An influential member of the London Assembly has warned that Mayor Boris Johnson is trying to flog off a chunk of Crystal Palace Park to Chinese developers for the benefit of a Tory borough council, with little proper consultation or planning. Val Shawcross, the AM for Lambeth and Southwark, has expressed “deep concern” over the “indecent haste” being taken over the £500 million scheme announced a year ago, and she says that the consultation process is proceeding in “a topsy turvy and dangerous way”.
Shawcross, a former leader of Croydon Council, is a Norwood resident and has been following closely the consultation organised by Arup on behalf of China’s ZhongRong Group, who appear to have been given free rein to build on the site of the old Crystal Palace by Mayor Johnson. Earlier this month, Shawcross described one Arup-staged meeting as “a very badly organised consultation event”.
Last week, Shawcross attended another meeting, this time in Dulwich, which she has described as “a lamentably ‘hollow’ presentation”.
“To their credit, the Arup team of two at least expressed their own ‘frustration’ and showed a degree of decent embarrassment with the thin pickings of information they had to offer on what this major Chinese Development company wants to build on the top site at Crystal Palace Park,” Shawcross wrote on her London Assembly blog over the weekend.
“They told the audience that half of the land used will be for a ‘Cultural asset/visitor facility’. There would be ‘public spaces, restaurants, an observation deck, art galleries and a six-star hotel, plus a bus interchange, car parking facilities and services’.”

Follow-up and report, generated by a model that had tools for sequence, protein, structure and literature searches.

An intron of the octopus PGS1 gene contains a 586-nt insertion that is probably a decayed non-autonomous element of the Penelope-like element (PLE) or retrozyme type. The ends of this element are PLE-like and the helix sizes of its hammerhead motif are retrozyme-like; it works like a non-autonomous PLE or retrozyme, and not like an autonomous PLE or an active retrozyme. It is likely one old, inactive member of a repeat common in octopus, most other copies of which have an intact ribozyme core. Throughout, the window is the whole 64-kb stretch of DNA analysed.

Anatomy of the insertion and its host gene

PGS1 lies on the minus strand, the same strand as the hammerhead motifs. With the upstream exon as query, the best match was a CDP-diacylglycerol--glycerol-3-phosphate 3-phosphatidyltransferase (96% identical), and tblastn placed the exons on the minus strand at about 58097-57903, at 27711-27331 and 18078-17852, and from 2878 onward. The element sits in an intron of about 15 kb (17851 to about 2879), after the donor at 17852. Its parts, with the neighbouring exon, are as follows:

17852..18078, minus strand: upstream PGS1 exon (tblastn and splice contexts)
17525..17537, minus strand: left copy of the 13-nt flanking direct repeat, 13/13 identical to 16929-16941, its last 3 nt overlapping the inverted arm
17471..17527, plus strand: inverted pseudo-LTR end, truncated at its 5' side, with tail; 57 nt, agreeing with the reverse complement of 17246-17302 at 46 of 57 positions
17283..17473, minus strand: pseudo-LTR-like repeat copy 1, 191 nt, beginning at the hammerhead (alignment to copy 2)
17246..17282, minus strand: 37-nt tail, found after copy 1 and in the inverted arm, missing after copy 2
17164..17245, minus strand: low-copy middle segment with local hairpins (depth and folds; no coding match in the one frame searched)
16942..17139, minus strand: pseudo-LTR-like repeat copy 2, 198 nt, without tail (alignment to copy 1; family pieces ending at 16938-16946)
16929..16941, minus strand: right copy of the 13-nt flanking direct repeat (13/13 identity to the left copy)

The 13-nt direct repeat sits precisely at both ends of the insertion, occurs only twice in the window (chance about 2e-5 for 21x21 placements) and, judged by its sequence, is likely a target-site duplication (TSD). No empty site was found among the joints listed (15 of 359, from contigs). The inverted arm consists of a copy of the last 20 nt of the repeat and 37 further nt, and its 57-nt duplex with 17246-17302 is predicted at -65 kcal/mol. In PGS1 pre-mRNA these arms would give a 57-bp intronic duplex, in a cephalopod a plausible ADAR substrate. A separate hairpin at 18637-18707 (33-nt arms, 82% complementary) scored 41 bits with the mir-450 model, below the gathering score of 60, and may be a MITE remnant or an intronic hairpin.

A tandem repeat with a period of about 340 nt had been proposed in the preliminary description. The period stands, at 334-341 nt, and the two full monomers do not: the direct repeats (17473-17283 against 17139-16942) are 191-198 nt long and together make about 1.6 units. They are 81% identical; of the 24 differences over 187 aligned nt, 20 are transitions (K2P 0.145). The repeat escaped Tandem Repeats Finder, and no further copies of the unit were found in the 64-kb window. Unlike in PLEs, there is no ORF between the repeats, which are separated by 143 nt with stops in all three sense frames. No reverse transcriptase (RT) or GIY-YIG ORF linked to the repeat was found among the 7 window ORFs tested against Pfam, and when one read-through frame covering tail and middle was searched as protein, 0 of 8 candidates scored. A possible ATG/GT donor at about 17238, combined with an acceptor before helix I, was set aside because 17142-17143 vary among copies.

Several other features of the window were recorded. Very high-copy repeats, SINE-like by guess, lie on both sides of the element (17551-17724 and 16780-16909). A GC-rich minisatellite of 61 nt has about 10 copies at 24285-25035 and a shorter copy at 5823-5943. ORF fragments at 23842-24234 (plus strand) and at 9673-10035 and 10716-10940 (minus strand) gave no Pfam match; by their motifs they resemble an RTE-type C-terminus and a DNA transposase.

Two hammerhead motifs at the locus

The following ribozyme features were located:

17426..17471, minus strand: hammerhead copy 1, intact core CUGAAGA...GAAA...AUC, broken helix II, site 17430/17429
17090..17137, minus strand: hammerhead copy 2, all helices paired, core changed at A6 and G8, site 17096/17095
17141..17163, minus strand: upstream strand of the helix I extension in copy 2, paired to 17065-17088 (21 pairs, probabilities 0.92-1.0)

Yet as Shawcross notes, one year on from Mayor Johnson and Ni Zhaoxing, one of China’s richest businessmen, announcing the ambitious scheme to recreate the Crystal Palace, there is a startling absence of firm detail about exactly what they now intend to build on the publicly owned site.
But it has emerged that Johnson intends to use his connections within the Conservative-led Government to have a Bill to amend 1990 Crystal Palace Park Act, which strictly limits the amount of development on the site, included in the next Queen’s Speech.
“They were unable to get anywhere near guessing how much land would be built on or what the actual size of each of these facilities would be,” Shawcross said. “They do not consequently have any guesstimates on the number of visitors or trips this will generate. They said the approach to dealing with the local pressures placed on transport and roads would be to make use of backflows – that is, use the empty trains coming back out of London after the morning rush hour.
“They confirmed that there would be an attempt made to amend the 1990 Crystal Palace Park Act which currently limits the area of the topsite which can be developed to 50 per cent. They confirmed that the intention is still to get a planning application in to Bromley in late 2014, but when I challenged them on the indecent haste of this and the damage this would do to the possibilities of proper public engagement and consultation, they did confess the it’s not unusual for such schemes to ‘slip’.”
It is looking increasingly as if the Crystal Palace scheme is another off-the-top of Boris’s head “wizard wheezes”, aimed squarely at grabbing headlines, but lacking substance and without much in the way of thorough thought, planning or, indeed, work. Once again, a public asset is being bandied around, for the probable financial benefit of Tory-controlled Bromley Council, but with little consideration given to the interests of local residents or the other four neighbouring boroughs.
Shawcross said, “Essentially they [Arup] confirmed that the reason for the absence of information at this stage is that the work has not been yet done to determine the detail of the uses of the building or most importantly in my view, to establish yet what the transport capacity is in the area. How much can the local roads and public transport services take? ZRG are focusing, they said, on the negotiations with Bromley for the leasing of the land, and this is to me a huge worry in itself.”